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Taken Steps to Improve Monitoring and Assistance, but Further Progress 
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Testimony before the Subcommittee on Higher Education, Lifelong 
Learning, and Competitiveness, Committee on Education and Labor, House 
of Representatives: 

United States Government Accountability Office: 

GAO: 

For Release on Delivery Expected at 10:00 a.m. EDT: 

Monday, June 4, 2007: 

Low-Income And Minority Serving Institutions: 

Education Has Taken Steps to Improve Monitoring and Assistance, but 
Further Progress Is Needed: 

Statement of George A. Scott, Director: 
Education, Workforce and Income Security Issues: 

GAO-07-926T: 

GAO Highlights: 

Highlights of GAO-07-926T, a testimony before the Subcommittee on 
Higher Education, Lifelong Learning, and Competitiveness, Committee on 
Education and Labor, House of Representatives 

Why GAO Did This Study: 

Institutions that may receive funding under Titles III and V include 
Historically Black Colleges and Universities (HBCUs), Tribal Colleges, 
Hispanic Serving Institutions, Alaska Native Serving Institutions, 
Native Hawaiian Serving Institutions, and other postsecondary 
institutions that serve low-income students. In fiscal year 2006, these 
programs provided $448 million in funding for over 500 grantees, nearly 
double fiscal year 1999 funding of $230 million. GAO examined these 
programs to determine (1) how institutions used their Title III and 
Title V grants and the benefits they received from using these grant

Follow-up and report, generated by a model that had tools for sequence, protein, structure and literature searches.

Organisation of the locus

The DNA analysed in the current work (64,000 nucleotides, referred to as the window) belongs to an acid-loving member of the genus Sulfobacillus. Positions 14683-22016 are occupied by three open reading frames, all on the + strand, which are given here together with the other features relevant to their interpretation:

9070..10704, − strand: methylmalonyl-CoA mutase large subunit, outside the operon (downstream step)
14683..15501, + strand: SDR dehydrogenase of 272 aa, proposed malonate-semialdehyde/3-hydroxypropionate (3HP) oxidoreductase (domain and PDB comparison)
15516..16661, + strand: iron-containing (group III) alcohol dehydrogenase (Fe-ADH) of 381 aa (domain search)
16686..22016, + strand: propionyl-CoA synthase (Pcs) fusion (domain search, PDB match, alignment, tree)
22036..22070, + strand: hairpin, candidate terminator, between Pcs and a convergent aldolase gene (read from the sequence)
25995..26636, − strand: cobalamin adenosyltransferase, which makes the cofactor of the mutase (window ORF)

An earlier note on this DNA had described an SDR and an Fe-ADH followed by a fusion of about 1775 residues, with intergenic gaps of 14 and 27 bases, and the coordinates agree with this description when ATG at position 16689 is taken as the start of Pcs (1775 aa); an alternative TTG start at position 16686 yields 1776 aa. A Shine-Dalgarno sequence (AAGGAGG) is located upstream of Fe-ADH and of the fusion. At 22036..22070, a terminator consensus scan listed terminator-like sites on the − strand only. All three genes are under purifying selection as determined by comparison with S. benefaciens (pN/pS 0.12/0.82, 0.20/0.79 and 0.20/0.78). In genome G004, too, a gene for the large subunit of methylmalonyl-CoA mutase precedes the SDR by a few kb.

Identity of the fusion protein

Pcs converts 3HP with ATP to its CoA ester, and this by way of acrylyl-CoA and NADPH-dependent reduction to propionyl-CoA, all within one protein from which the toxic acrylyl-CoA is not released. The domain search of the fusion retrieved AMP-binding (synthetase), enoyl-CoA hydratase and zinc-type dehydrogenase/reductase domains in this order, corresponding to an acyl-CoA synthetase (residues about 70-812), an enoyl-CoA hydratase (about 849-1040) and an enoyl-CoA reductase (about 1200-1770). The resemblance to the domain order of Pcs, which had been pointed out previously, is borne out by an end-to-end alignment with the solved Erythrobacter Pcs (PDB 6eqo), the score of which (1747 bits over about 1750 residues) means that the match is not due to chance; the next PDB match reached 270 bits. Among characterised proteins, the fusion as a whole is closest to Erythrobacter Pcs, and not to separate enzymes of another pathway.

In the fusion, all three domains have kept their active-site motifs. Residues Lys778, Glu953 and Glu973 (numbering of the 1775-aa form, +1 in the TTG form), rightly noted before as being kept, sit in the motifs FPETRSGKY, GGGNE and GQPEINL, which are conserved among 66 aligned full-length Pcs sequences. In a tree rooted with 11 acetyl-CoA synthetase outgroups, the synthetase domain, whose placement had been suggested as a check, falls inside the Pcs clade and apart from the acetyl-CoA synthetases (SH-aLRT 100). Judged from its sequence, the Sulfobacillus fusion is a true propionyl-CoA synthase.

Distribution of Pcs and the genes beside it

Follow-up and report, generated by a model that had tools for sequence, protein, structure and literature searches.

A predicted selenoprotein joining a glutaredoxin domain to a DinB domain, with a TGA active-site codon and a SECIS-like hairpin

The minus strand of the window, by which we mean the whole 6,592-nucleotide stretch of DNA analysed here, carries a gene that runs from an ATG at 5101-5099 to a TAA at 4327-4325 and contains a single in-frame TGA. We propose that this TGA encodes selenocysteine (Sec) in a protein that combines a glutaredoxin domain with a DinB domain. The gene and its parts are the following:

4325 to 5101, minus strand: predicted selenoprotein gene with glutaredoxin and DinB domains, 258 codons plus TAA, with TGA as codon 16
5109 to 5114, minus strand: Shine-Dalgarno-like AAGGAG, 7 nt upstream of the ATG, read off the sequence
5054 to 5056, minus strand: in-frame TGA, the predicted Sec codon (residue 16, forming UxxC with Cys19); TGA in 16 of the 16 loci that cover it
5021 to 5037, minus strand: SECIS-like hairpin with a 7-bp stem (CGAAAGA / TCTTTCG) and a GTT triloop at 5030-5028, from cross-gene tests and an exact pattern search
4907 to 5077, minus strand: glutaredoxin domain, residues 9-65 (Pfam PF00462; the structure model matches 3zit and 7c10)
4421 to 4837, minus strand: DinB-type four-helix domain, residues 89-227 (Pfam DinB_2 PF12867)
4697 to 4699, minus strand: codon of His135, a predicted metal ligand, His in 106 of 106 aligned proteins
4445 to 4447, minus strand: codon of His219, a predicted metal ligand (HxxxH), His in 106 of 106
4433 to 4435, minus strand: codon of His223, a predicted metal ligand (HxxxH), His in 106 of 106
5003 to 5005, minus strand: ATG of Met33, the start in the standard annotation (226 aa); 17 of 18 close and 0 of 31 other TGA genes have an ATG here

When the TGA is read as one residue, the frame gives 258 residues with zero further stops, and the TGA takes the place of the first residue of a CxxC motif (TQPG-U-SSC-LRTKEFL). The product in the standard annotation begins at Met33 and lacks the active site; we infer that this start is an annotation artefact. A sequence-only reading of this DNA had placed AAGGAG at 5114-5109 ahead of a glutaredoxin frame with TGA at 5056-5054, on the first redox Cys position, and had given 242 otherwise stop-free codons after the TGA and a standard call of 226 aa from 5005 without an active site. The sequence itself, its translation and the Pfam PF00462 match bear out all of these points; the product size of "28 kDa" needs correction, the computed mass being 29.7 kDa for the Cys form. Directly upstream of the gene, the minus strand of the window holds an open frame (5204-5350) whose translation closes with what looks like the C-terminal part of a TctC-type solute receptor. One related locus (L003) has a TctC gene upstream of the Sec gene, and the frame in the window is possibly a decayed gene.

funds, (2) what objectives and strategies the Department of Education 
(Education) has developed for Title III and Title V programs, and (3) 
to what extent Education monitors and provides assistance to these 
institutions. This testimony updates a September 2004 report on these 
programs (GAO-04-961). To update our work, GAO reviewed Education 
policy and planning documents, and program materials and grantee 
performance reports; interviewed Education officials; and analyzed 
Education data on grantee characteristics. 

What GAO Found: 

In their performance reports, the six grantees we reviewed most 
commonly reported using Title III and Title V grant funds to strengthen 
academic quality; improve support for students and student success; and 
improve institutional management and reported a wide range of benefits. 
For example, Sinte Gleska, a tribal college in South Dakota, used part 
of its Title III grant to fund the schoolís distance learning 
department, to provide students access to academic and research 
resources otherwise not available in its rural isolated location. Our 
review of grant files found that institutions experienced challenges, 
such as staffing problems, which sometimes resulted in implementation 
delays. For example, one grantee reported delays in implementing its 
management information system due to the turn over of experienced 
staff. As a result of these implementation challenges, grantees 
sometimes need additional time to complete planned activities. 

Although Education has established outcome based objectives and 
performance measures, it needs to take steps to align some strategies